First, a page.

The same is true for you, though. What you do with your life will be determined by where you give your energy.
A life of rhythm integrates all of your needs rather than all of your tasks.
In his book, The Life of Rhythm, Matthew Kelly says our needs fall into four categories: physical, emotional, intellectual, and spiritual.
No matter how “productive” our life appears, if we abandon our needs, we aren’t accomplishing much of anything. In a busy, task-oriented world, this message needs to be heard. A life that gives priority to those areas that deserve priority is a life that oozes with excellence, creativity, and passion.
There is more to our existence than checking boxes on a to-do list, chasing promotions, or accumulating large bank accounts.
A life of rhythm says strength is built on self-control and resistance, not size and physicality.
The world has a misconception about strength. It defines strength in terms of size and physicality. God shows us a different way. Jesus modeled strength that is rooted in self-control and resistance. His strength was impossible to hold back or defeat.
Or take the ocean. It’s impossible to hold the ocean back or alter its rhythm. The ocean has a quiet strength. This strength isn’t always visible. But it’s always present.
A life of rhythm is the life of Jesus. It isn’t dependent upon external force or overpowering others. It isn’t swayed by perceptions or expectations. It is consistent. It is controlled. And although this strength might not be visible to the world, over time it changes the world.A life of rhythm is built on fruitfulness, not
A life of rhythm is built on fruitfulness, not busyness.
“How are you doing, Frank?”
“Man, I am busy. How are you?”
Busyness is championed in America, is it not? Rest is a sign of laziness. Look up the word “slow” in the dictionary.
Synonyms include plodding and sluggish.
But I’ll ask out loud what many are thinking, “Is our busyness leading to more fruitfulness?”
A life of rhythm doesn’t try to keep up with the pace of the culture. In fact, the opposite is true. A life of rhythm moves at a slow pace.
The world doesn’t need busier people. The world needs focused people. We need people who engage in the long, slow work of producing fruit in the lives of others.
A life of rhythm focuses on who you become, not what you do.
A life of balance doesn’t have time to consider who we are becoming. It’s all about doing. Do. Do. Do. There is no space to go deeper. That’s why there’s an alarming lack of self-awareness in today’s world, an equally alarming increase in narcissism.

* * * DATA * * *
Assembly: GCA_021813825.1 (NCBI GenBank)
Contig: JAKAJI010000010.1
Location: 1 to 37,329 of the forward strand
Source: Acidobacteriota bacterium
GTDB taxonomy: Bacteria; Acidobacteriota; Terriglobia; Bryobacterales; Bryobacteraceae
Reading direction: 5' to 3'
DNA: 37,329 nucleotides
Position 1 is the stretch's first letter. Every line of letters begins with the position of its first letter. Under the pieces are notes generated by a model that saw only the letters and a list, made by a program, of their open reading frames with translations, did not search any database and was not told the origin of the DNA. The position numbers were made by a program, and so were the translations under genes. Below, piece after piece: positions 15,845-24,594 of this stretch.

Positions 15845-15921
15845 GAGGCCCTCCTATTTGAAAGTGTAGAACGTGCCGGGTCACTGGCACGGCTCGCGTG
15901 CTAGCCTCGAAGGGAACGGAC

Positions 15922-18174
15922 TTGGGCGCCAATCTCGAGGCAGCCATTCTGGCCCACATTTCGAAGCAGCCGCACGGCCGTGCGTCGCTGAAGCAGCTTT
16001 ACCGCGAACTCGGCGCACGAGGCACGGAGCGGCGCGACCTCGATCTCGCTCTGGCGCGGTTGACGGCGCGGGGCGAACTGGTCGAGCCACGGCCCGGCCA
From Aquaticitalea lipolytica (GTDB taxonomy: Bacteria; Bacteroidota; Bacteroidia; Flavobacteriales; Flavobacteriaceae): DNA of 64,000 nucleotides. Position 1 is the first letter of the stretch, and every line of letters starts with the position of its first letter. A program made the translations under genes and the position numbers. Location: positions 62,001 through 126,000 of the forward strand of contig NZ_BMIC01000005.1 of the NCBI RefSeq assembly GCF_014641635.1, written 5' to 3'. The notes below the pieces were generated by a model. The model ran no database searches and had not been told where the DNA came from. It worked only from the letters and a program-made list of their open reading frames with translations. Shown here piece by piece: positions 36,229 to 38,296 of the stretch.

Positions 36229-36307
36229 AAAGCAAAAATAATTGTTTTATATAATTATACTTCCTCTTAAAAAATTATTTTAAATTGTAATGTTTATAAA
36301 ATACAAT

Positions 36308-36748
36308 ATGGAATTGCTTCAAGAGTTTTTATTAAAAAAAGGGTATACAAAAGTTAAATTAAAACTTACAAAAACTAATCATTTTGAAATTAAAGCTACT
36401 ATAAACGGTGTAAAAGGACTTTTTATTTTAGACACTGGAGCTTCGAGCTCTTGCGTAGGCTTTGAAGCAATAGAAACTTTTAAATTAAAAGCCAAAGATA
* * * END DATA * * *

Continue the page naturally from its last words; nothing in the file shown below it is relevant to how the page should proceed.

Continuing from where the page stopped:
Rhythm never sacrifices integrity to protect an image or reputation. Rhythm says the desires of our heart are more valuable than the achievements in our life. Rhythm says it more important to increase in gratitude and love than trinkets and wealth.
A life of rhythm sees time through the lens of opportunity, not hours, minutes and seconds.
In the Bible, there are two different ways to view time. One is chronos. This is the traditional way of viewing time in terms of days, hours, etc. A balanced life sees time this way. Every hour is important because every task needs to be completed.
The second way to see time is through the lens of opportunity. This is called kairos. Kairos doesn’t look at the world through an hourglass or a time clock. This type of time teaches us to look for opportunities and take advantage of them. Kairos is the foundation for a life of rhythm. It is God’s dimension of time.
Every second isn’t created equal. Great leaders understand this. Rhythm looks for opportunities to peek around the corner at eternity. Those opportunities can be anywhere. Work. Store. Church. Coffee shop.
A meaningful life begins when you measure time using opportunities rather than minutes and hours.
Rhythm makes us givers rather than takers.
If you had one word to describe God, what word would you use? Love? Mercy? Holy? All of those describe God. Fair enough. But I want to propose another word…GIVER. We can debate whether or not this is the definitive characteristic of God. But we can’t debate whether it’s a primary one.
God always gives. Always. He never takes. Not from creation. Not from humans. And here’s the thing about God. He is never in need.
In God’s economy, your worth is determined by poverty. The most wealthy are the greatest servants. Those who have the most are the ones who give the most.
Give your time to others. Give your talents and resources to the world. Do this, you will be rich in the stuff that lasts, peace and joy and love and hope.
It’s time to restore God’s way, the way of rhythm. It is a strange blend of rest, activity, and pace. But this strange way leads us to the Way and into an abundant life.
This article was written by Frank Powell and originally appeared at his blog. Find it here.
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